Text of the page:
Even with the departure of catching prospect Francisco Mejia in last night’s late Jonathan Lucroy deal, the Cleveland Indians boasted a very talented top-ten prospects in their system. The New York Yankees seemed to think so as well, swooping in and snagging top prospect Clint Frazier and left-hander Justus Sheffield for Andrew Miller a few hours later.
While all eyes were on Brady Aiken’s much-awaited professional debut, Justus Sheffield continues to cement himself as one of the better left-handed prospects in the game.
Sheffield was the second of three first round-draft picks in the Indians’ big 2014 MLB Draft. Selected 31st overall, Sheffield joined names like Bradley Zimmer (selected 21st overall), Mike Papi (38th overall), Bobby Bradley (97th overall), and the recently-departed Greg Allen (188th overall) almost immediately on the Indians top prospect lists.
Not imposing in size, standing at just 5-foot-10 and 196 pounds, scouts liked what they saw in Sheffield’s arsenal at a young age. Some were quickly scared off by a brief velocity dip in his senior year at Tullahoma High School in Tennessee — where he pitched with his brother, and now Los Angeles Dodger, Jordan — but he still hit 95 with his fastball that final season. The Indians took the chance and signed him up before he could head to Vanderbilt with his brother.
His half season-debut went relatively well in the Arizona League as he made four starts over eight appearances. He struck out 29 and walked nine over 20.2 innings, while posting a 4.79 ERA. He also allowed 24 hits, as opposing hitters batted .286 against him.
This has been an issue for Sheffield for much of his career. His fastball, though sharp and in the mid-90s, is sometimes a bit level, lacking movement. Small in stature, he often throws with a lot of effort, limiting the control and command of the pitch, sometimes not being able to get it down. This has made him very hittable throughout his career.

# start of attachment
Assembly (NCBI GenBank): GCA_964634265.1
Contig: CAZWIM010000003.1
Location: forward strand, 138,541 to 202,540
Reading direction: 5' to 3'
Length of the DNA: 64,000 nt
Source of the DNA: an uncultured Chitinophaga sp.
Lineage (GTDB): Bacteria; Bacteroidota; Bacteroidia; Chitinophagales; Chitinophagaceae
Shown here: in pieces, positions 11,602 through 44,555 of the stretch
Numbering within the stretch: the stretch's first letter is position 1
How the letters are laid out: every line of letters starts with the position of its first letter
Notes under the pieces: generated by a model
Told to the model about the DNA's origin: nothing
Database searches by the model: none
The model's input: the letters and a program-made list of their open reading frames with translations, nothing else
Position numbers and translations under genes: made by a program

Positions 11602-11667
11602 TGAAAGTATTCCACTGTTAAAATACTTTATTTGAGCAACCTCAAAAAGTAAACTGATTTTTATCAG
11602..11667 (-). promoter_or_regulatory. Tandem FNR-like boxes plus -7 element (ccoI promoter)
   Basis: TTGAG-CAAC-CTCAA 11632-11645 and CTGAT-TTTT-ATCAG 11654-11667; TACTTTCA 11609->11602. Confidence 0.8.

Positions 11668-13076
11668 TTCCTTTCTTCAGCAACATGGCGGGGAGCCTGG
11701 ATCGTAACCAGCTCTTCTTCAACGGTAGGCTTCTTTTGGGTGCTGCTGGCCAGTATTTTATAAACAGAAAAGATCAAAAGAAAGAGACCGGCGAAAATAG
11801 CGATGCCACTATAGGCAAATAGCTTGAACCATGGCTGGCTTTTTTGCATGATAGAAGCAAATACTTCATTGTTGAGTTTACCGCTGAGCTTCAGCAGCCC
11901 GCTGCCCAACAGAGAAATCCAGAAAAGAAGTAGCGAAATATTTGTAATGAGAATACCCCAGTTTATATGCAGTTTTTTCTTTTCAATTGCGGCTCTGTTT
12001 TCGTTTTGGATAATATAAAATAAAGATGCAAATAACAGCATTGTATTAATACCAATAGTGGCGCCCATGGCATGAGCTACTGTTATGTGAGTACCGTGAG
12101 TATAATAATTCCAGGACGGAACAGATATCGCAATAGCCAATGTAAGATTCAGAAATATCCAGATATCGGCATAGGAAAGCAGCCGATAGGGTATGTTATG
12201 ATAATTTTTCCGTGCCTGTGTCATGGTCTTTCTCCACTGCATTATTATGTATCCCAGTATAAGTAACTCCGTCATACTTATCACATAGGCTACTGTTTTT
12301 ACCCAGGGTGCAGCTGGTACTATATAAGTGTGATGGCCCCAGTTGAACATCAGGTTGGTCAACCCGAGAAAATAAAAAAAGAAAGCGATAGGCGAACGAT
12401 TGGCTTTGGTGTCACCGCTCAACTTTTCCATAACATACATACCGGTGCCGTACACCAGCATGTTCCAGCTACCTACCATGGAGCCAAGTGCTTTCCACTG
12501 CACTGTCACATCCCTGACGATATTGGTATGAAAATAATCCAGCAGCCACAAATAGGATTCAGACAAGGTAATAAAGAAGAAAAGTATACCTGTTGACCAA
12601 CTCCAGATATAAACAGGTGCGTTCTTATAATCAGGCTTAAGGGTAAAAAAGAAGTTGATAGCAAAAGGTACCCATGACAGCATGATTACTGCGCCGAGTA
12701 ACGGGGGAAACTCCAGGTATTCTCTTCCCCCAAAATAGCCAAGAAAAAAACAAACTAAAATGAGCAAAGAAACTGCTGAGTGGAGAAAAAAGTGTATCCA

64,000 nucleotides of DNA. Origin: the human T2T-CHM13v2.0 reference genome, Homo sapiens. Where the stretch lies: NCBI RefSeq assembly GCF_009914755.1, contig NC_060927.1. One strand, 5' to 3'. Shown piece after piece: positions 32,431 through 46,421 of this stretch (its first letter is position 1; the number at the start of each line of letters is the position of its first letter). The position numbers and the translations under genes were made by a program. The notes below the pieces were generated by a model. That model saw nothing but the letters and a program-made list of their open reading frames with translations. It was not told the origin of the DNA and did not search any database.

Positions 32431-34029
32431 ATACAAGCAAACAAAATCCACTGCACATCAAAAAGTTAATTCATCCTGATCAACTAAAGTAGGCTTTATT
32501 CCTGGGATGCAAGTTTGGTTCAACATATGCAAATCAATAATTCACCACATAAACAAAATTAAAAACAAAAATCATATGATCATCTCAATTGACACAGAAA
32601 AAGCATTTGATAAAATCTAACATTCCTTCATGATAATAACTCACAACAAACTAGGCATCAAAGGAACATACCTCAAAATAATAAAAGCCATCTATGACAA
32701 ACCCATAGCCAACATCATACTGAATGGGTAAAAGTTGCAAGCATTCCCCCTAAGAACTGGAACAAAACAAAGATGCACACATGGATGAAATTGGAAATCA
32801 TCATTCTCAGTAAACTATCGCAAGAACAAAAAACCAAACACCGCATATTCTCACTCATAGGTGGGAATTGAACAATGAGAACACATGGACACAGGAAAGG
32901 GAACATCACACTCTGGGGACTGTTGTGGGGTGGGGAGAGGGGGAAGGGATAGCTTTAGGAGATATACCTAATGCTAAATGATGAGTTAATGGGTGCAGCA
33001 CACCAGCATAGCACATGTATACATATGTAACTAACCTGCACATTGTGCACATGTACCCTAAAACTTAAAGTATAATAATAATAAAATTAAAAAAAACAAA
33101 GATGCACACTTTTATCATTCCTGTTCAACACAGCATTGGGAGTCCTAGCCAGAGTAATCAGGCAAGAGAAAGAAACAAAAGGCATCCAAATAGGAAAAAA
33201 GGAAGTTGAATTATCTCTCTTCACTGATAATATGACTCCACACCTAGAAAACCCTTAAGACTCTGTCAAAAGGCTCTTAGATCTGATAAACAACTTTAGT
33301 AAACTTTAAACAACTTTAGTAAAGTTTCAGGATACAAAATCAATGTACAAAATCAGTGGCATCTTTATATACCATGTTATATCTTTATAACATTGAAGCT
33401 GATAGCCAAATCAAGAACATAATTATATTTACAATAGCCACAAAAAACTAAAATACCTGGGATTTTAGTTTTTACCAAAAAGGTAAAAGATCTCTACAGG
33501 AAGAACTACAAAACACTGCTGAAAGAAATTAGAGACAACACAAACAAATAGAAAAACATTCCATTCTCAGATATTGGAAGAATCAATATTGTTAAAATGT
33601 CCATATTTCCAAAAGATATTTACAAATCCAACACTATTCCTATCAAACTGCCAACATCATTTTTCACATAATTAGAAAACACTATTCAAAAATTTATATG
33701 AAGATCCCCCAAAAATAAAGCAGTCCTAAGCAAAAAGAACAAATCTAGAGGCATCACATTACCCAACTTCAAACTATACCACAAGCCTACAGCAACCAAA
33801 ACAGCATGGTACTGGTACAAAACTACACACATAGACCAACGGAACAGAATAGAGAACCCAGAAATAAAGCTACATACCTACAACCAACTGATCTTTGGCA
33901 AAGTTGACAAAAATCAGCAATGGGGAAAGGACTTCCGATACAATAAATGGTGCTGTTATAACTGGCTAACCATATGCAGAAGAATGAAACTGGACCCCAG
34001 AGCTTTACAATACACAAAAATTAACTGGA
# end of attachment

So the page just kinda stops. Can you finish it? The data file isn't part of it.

Sheffield made headlines in January of 2015 when the then-18-year old got in trouble for, well, being a teenager. He was arrested in his hometown on a couple of charges, one including underage drinking. He was quickly able to put that behind him and move on, having a nice full season debut in 2015.
He went 9-4 over 26 starts in 2015 in the Midwest League, lowering his ERA to 3.31. He seemed to hone in on his command, striking out 138 and walking 38 over 127.2 innings of work, an impressive 2.68 walks per nine for a 19-year old. He again was hittable, allowing 135 hits on an unlucky .344 BABIP, but was able to strand 70 percent of his runners.
This season has seen Sheffield attempt to expand his arsenal, and he’s struggled a bit in doing so. He has seen a rise in his walk rate and a dip in his strikeout rate, but this is more so from transitioning from a straight two-pitch starter to one with a four-pitch arsenal. Eric Longenhagen at FanGraphs recently noted that he is using his slider more this season. It sits in the mid-80s right now and seems to have enough bite in it that if he continues to work on it, it will be a nice out pitch for him. His changeup also hits in the mid-80s and he is seeing more consistency with that. His fastball and curve were always his most reliable pitches, but the curve seems to have taken a step back as he works on his other secondary offerings.
That being said, heading into Sunday’s action, in which he was scheduled to start for the Indians but has now changed, Sheffield sat at 7-5 with a 3.59 ERA over 19 starts. He’s struck out 93 and walked 40 over 95.1 innings, having walked three batters in four of his last seven outings. Again, the command has been a bit erratic, and while it could be an issue, it is more than likely from his attempt at growing into a more well-rounded pitcher.
For more on Sheffield’s promising future in New York, head on over to Today’s Knuckleball for my full feature by clicking on the link below: